Nursing home abuse is on the rise, according to the Centers for Disease Control and Prevention (CDC). A recent study found that only 1 in 14 incidents of elder abuse are reported. How would you know if a family member was being abused in a nursing home?
Your mother has been in a nursing home for about a year. This was a difficult decision, but after discussing the possibility with her, you both agreed this was the right choice. She adjusted to the new environment quickly, and everything seemed to be going well. Then you started noticing a change in her personality. Your mom has always been a friendly and social person, but within the last month, she began to become distant and withdrawn.
You wonder if something is wrong. Is she behaving differently because she’s getting older, or is there another reason? Some people become more vulnerable to bullying and abuse as they age. It’s more difficult to stand up for yourself as you become frail. Many people in a long-term care facility are reluctant to tell family members they are being abused, because they are afraid of retaliation from the abuser.
If you have a family member in a nursing home and you notice changes in their personality, you should look into the possibility of abuse. Below are some of the signs of elder abuse.
Nursing Home Abuse and Neglect
Signs of Physical Abuse
- Broken Bones: as people age, they are more prone to falling and getting hurt. There is a difference between fractures from an accidental fall or broken bones from being dropped, restrained, or physically assaulted. Most doctors can tell the difference between a fracture from an accident or abuse. Ask your family member’s doctor what he or she thinks may have caused the injury.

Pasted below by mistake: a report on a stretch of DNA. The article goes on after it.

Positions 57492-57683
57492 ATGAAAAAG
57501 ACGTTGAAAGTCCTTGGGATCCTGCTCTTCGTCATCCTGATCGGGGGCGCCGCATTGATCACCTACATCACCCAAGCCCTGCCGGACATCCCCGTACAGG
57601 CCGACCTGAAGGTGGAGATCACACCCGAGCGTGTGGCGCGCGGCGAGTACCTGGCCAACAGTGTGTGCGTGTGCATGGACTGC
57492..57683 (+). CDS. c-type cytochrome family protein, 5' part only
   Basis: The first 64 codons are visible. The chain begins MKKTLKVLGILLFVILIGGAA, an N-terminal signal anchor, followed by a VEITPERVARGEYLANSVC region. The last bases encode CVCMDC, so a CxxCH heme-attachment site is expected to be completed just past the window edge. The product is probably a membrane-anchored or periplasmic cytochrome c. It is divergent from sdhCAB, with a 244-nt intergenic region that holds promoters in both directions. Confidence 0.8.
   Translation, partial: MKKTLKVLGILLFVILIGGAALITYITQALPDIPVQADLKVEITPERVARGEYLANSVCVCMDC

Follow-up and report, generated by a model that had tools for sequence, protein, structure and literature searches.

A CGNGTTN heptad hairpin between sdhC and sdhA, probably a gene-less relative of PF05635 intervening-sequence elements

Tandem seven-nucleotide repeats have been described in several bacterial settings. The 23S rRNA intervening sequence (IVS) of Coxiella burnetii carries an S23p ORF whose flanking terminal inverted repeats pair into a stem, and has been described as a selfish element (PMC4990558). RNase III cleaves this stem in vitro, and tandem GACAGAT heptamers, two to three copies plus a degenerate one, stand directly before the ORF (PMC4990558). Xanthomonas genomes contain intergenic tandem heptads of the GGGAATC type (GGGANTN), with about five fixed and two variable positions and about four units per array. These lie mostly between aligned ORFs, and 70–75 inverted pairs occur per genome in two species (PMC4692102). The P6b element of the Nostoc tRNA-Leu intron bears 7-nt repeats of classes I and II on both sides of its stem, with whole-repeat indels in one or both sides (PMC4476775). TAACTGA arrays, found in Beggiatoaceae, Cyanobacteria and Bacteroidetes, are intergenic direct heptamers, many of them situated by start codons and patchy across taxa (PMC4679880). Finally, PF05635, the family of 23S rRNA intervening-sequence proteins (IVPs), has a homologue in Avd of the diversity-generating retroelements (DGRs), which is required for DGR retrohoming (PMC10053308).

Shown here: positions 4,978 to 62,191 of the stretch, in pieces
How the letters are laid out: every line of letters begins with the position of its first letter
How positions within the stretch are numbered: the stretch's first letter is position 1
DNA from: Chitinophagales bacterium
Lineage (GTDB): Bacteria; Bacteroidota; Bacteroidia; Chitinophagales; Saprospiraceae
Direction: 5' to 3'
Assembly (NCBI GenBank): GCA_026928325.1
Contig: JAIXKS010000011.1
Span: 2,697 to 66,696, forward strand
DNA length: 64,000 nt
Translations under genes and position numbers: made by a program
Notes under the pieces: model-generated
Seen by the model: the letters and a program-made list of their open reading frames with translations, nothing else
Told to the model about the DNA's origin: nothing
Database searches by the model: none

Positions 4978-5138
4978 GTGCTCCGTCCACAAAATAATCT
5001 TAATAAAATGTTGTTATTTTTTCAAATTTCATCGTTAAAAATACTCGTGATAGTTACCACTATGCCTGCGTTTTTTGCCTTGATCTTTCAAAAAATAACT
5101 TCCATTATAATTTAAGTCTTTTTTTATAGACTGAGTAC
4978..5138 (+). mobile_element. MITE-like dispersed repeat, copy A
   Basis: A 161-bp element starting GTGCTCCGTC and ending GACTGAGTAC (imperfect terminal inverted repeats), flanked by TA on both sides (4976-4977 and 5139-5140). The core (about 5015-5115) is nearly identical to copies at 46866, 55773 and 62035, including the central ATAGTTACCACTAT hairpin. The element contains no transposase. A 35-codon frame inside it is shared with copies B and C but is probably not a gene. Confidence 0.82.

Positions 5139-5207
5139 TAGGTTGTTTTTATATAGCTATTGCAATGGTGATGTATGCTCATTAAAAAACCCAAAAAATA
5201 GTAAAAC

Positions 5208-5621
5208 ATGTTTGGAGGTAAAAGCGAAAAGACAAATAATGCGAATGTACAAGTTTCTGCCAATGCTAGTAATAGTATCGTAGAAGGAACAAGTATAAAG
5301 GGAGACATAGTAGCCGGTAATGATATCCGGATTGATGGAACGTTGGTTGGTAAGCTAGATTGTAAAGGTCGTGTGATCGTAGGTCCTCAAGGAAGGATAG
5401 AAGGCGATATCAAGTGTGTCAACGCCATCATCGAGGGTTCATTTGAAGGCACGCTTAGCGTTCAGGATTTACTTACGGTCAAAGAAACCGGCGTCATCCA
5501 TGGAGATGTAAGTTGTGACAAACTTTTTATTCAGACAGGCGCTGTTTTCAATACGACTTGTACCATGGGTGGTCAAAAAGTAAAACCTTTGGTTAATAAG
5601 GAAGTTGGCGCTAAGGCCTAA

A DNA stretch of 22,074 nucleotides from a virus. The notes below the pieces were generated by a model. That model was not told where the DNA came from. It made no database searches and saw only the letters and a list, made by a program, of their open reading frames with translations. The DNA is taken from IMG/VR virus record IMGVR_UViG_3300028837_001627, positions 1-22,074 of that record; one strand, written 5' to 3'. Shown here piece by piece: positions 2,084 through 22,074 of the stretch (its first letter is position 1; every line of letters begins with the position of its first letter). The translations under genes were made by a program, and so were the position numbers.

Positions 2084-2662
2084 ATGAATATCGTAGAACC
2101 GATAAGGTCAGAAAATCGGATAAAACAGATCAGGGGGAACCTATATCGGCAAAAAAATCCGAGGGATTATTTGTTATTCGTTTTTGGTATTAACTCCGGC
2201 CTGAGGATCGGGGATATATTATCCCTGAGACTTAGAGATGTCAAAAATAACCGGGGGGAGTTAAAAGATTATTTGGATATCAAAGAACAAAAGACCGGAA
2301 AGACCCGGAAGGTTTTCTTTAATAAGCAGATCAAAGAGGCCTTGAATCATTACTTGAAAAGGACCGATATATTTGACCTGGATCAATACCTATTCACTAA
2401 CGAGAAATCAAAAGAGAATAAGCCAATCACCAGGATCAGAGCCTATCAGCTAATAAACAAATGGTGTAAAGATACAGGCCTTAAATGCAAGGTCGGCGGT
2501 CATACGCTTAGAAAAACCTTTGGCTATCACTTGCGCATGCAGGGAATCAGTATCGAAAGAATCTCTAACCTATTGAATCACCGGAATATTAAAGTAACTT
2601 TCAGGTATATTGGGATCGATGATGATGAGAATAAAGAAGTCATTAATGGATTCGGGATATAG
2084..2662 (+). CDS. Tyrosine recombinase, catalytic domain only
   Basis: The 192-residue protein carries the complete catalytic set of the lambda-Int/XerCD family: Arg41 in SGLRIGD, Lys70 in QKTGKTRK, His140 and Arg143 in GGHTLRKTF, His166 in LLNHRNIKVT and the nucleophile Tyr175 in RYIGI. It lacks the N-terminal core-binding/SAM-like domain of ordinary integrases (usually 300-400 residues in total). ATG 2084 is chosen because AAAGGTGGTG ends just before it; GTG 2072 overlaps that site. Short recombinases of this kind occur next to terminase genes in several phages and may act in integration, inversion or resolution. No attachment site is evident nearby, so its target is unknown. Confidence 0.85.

- Bruises: when a family member has a bruise, scrape, or even a welt on their body, it’s cause for concern and something you should look into. When you visit your relative, take a look at his or her wrists, ankles, and upper arm for bruises or scrapes.
- Broken glasses: if your family member has broken glasses, this can be a sign of an issue. Look at your relative’s face for cuts and bruises.
- Socially withdrawn: if your family member is normally friendly and social and all of a sudden becomes withdrawn, this could be a sign of abuse.
- Startle easily: signs of fear and being on edge all the time can be a sign of abuse. Does your relative seem unusually jumpy or anxious?
Signs of Emotional Abuse
- Repetitive behavior: one sign of emotional abuse is repetitive behavior. This behavior can be rocking back and forth, sucking or mumbling.
- Social changes: when a person who was once friendly and approachable becomes withdrawn, this can be a sign that this person is experiencing some type of emotional abuse. A noticeable change in self-esteem and higher levels of anxiety are also signs of abuse.
- Refuse medication: some people refuse to take their medication when they are being physically or emotionally abused.
As people age, certain emotional changes can take place. Some people start to feel depressed as they age or develop health issues like dementia that can cause changes in behavior. A doctor can determine whether your family member is exhibiting behavior due to age or health-related issues.
If your loved one is showing signs and symptoms of abuse without an underlying physical cause, you should be concerned. Elder abuse is very serious and can lead to severe injuries and death.